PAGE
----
There were 3 vehicles in the whole line, a Jeep, an Ambulance & a Helicopter. Each vehicle came with the same generic, blone haired soldier figure I talked about earlier. All of the vehicles advertise that they are scaled to fit all 3 3/4″ figures.

The Jeep looks like your typical Willys Jeep. The only special feature on this vehicle is the hinged windshield. There is a tow hook at the back of the jeep but I think the only way it’ll tow anything is if you tie a string around it. The wheels are on a typical two per axle construction and are free rolling. The front seats fit figures easily and a third figure can sorta fit in the back seat (leg room is a tad small) As advertised, the Jeep will fit other 3 3/4″ scaled figures as well.


The Ambulance appears to be based on Dodge WC-54 or WC-27. It features four hinged doors (driver side, passenger side and two rear opening doors) Like the Jeep, The wheels are on a two per Axle construction and are free rolling. There are two “beds” (basically just flat shelves) in the back to store the injured.

One thing to take note of on both the Ambulance and the Jeep are the side mirrors. Both feature a side mirror on the driver’s side. These mirrors are very fragile and typically broken on loose examples



The Helicopter is modelled after a Bell H-13 Sioux. The Helicopter has the most features as it sports two removable medical evacuation panniers, opening canopy and blade spinning action & sound. The blade spinning action & sound is activated by rolling the helicopter on the ground. As the two wheels underneath the helicopter roll, they spin the blades and make a clicking noise that is to simulate the whup-whup sound of a helicopter flying. The tail section is hinged (whether this is to simulate damage or just for storage purposes is unkown) The tail rotor is made up of two thin plastic pieces joined by a rivet. The pannier beds have a flexible plastic strap that attaches to two pegs on either side of the bed to hold the wounded in place. The beds attach to the helicopter skids with two holes on the bottom of the beds.  As with all the vehicles, the Helicopter can easily fit other 3 3/4″ figures.



The last piece in the Mash toyline is the Military Base playset. The playset covers 16 square feet of floorspace (a little over 47″ X 461/2″) & featured 63 pieces. For $18.99 at JC Penney you got a vinyl play mat, Col. Potter’s HQ, Officer’s Quarters (nicknamed the Swamp) Pre-Op Ward, Hospital, Officer’s Mess Hall, Tables, Chairs, Sign Post, Hospital Beds and many other 3 3/4″ scaled accessories. There is also a sticker sheet with crosses for the Hospital and many little details like a message board, desk top, bookshelf and dartboard.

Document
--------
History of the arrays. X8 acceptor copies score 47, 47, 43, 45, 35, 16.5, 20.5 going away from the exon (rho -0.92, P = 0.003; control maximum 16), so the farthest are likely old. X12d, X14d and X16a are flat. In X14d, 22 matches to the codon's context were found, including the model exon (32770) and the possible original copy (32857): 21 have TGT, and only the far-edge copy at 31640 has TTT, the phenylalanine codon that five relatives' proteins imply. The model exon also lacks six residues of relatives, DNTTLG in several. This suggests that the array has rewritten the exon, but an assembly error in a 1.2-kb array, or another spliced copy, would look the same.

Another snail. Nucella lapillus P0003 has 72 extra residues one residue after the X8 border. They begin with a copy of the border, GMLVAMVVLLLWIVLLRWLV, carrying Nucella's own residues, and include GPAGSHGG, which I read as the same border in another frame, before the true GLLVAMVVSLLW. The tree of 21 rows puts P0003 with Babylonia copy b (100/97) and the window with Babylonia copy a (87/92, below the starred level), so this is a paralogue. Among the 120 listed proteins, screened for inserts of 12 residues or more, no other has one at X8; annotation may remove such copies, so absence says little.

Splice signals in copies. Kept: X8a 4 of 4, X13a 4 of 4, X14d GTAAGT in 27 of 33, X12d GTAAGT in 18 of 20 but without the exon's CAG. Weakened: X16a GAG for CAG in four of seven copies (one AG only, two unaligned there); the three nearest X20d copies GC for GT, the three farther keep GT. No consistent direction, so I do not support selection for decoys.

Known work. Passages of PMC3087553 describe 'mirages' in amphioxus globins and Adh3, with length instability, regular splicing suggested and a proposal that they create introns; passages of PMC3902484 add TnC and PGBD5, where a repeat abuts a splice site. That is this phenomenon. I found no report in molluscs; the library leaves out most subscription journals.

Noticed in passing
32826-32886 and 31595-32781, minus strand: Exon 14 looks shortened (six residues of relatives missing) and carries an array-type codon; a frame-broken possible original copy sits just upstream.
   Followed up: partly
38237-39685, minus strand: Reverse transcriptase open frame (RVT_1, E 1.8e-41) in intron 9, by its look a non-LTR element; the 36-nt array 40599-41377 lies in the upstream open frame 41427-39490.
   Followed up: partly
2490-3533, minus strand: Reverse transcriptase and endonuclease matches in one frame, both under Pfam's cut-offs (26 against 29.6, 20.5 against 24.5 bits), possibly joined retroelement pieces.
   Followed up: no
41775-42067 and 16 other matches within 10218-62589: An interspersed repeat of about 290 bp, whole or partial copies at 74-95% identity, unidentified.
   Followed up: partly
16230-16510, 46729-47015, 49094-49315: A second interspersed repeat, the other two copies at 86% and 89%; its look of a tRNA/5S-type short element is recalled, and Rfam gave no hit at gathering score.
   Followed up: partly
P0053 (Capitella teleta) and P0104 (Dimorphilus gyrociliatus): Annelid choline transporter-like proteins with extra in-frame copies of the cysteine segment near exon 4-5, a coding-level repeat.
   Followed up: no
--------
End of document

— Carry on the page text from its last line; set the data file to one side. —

The box claims to have “High Impact Plastic Buildings” which makes them sound much better than what they are. While they do look nice as backdrops with a nice molded details to appear like tents, they are unfortunately the downside of the playset. All the parts to make the buildings are made of very thin plastic. To build one of the buildings you have to set the four walls (or more in the case of the Hospital) together (two sides will have a recessed area for the other sides’ edges) then place the roof on the top of the structure. The box appears to show that you can take the roof off to play inside of each structure but given that there is no real interlocking ability of the walls, if you take the roof off, the walls fall in with the slightest wind.


Overall, the Mash toyline is a well made toyline that covers most of the basics from the TV Show and is a great addition to anyone’s military 3 3/4″ collection. Most figures can be found easily along with the Jeep and Ambulance. The Playset can sometimes be scarce but still pops up pretty regulary. The only item that will probably be a problem to find will be the Helicopter.